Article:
Brown Boy and hip-hop music artist Kaly talks to Brown Girl Magazine about his journey so far. He also shares his thoughts on the music industry and his latest work, “Letters from Agrabah.”
I started, way back in the sixth grade, writing poetry. Ironically, I blame Bollywood for turning me into the rapper that I am today. If I didn’t think that writing a poem to a girl would win her heart, I wouldn’t have started. Needless to say, it never worked quite how I wanted it to, but the natural progression of poetry is to set it to music. So at some point a girl came along who made me want to not just write lines on a page, but lines to a song. I was hooked from that point on.
My journey in this “industry” has been a painful one. I say industry in quotes because, in all honesty, there isn’t even the slightest semblance of a South Asian-based industry here in the U.S. What we have are the allowable arts; the dancing, the singing. But hip-hop or
anything urban? No, we can’t do that. From the moment I started, I have been looked down upon and made to feel like an outcast.
I have worked for the better part of a decade to hone my craft, to try and build a community for those that purposely strayed from the beaten path. I have collaborated with artists as far away as the U.K. and India, where thriving hip-hop scenes have emerged and firmly ingrained themselves in the youth culture. Throughout this journey, I have continually been reminded that we do not have anything equivalent to those scenes here in the U.S. It is just not allowed.
Nonetheless, I have continued on, and this Agrabah project, and especially the song “Brown Boy Lost,” is my f*ck you to everyone who doubts our capabilities as South Asians. That includes our own self-doubt, which I believe is extremely prevalent in our community. We not only limit ourselves, but we tear down others who strive for something greater.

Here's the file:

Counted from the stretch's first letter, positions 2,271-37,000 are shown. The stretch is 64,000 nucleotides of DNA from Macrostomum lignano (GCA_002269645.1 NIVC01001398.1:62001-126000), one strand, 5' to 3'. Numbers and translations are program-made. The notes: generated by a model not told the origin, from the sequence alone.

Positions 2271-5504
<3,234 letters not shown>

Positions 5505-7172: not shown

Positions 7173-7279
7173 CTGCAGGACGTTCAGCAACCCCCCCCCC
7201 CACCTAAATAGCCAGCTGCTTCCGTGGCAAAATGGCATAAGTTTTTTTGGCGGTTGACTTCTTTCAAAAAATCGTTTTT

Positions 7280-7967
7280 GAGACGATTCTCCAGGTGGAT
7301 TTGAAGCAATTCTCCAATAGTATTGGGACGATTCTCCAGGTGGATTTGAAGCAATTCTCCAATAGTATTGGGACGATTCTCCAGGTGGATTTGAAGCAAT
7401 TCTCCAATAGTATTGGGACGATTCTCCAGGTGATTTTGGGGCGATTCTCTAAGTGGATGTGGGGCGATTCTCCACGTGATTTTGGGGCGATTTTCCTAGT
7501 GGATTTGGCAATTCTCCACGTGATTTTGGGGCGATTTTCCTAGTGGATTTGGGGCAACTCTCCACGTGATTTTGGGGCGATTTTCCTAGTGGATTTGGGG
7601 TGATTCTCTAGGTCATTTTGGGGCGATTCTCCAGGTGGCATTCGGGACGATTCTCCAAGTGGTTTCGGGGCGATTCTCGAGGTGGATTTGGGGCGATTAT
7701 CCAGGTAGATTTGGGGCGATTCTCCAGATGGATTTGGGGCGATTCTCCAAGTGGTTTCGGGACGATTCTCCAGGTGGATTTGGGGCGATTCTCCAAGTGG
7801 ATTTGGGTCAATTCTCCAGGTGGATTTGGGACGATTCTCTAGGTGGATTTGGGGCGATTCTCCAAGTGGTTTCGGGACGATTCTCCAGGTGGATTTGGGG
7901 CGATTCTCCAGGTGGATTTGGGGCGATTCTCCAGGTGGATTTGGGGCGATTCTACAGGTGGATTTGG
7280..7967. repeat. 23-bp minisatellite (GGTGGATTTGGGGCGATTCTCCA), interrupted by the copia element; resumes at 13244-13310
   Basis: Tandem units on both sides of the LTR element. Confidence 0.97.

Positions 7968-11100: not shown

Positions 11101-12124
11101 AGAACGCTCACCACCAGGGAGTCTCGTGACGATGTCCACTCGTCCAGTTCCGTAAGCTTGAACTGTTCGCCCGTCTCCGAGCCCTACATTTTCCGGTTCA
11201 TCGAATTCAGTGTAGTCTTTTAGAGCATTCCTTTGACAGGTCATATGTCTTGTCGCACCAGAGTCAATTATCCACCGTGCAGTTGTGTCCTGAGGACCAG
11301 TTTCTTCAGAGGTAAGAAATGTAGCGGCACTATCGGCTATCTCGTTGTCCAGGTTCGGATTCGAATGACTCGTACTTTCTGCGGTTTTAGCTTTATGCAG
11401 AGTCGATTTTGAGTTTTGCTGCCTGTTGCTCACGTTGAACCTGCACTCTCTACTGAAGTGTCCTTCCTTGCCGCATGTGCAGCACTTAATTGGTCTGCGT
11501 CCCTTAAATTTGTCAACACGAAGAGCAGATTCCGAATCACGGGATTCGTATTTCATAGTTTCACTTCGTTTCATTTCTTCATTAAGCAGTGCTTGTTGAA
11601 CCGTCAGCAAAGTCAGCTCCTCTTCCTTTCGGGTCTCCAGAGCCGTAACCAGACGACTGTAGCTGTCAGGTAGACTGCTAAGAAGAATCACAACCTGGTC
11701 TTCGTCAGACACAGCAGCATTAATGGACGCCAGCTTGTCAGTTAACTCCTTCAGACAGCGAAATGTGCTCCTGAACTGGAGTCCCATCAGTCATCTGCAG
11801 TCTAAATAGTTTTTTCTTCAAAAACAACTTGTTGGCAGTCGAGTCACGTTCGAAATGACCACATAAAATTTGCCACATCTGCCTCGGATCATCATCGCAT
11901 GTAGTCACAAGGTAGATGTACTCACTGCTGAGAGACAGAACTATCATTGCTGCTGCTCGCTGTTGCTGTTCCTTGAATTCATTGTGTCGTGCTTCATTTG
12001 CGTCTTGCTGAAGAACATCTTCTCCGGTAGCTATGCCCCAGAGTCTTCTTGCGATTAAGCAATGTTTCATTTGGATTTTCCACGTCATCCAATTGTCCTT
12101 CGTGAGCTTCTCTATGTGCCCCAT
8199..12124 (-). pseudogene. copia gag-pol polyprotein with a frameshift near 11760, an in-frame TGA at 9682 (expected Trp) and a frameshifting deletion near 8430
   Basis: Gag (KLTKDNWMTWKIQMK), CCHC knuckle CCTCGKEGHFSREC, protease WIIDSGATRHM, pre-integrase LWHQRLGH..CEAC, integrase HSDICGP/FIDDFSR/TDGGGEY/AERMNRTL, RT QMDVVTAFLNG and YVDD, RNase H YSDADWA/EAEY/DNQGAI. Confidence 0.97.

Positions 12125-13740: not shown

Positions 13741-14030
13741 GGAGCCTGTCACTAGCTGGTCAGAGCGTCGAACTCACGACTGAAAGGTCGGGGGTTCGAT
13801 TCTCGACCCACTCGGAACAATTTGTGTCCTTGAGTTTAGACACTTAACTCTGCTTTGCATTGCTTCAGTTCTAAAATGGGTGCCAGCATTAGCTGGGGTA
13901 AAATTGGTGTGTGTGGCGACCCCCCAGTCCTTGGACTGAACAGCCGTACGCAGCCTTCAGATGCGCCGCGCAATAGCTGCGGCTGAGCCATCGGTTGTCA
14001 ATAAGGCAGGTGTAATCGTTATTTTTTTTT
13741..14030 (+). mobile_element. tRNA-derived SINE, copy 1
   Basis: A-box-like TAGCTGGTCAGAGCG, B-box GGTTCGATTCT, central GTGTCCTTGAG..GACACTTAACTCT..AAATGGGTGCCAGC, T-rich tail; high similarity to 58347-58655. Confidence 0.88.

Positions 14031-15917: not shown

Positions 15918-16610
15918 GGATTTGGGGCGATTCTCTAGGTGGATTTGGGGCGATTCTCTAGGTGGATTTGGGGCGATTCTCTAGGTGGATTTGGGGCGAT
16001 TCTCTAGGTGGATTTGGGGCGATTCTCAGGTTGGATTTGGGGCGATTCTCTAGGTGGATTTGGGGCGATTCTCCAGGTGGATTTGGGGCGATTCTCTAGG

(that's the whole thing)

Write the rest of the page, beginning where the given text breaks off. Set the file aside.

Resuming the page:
“Brown Boy Lost” is me showing you that I know my culture very well. The fact that I rap does not mean that I have forgotten where I come from. We are so multifaceted as human beings, and I believe the South Asian culture is one of the most important and beautiful cultures there is. It’s about time we start showing it in all the various ways that we can. This is my way. I’m not lost anymore.
Born to immigrant parents on July 29, 1985, Kaly almost didn’t make it into this world. Surviving his mother’s umbilical cord choking him, he was welcomed into a modest one-bedroom apartment furnished only with a toaster, a black and white television, and a mattress on the floor. Though much of the rest of this time is forgotten, it is these humble surroundings that have shaped the artist who has come to be known as Kaly. Given his name by a former flame for his naturally smooth tone of voice, Kaly is known more now for his raw, gritty vocals and uncompromising lyrics. Soft-spoken and respectful in person, even he will admit he has no idea why a change comes about every time he steps into the booth, “I literally have no idea when that first started happening or why it still happens, people are always surprised when they hear me in person and then on a track. Trust me, I’m the most amazed out of anyone.” It is this combination of grittiness and intelligence that has brought Kaly to the forefront of all of his peers, but also that which has proved to be the basis of his difficulties in the industry. Unorthodox in his delivery and unwavering in his belief that music is more than what you hear in a club, he has found himself at odds with numerous industry acts and even members of his own team at times. Nonetheless, through sheer determination, Kaly has made inroads for himself, charting numerous tracks on the BBC Asian Network; gaining praise from industry notables such as Rishi Rich, DJ Bikram Keith, and Mentor Kolektiv; and even having one of his tracks featured on the Playstation 3 video game “Haze.” No longer waiting on others for their approval of his dream, Kaly has reinvented himself and vowed to make everyone who ever doubted him choke on their words. There isn’t much he forgets.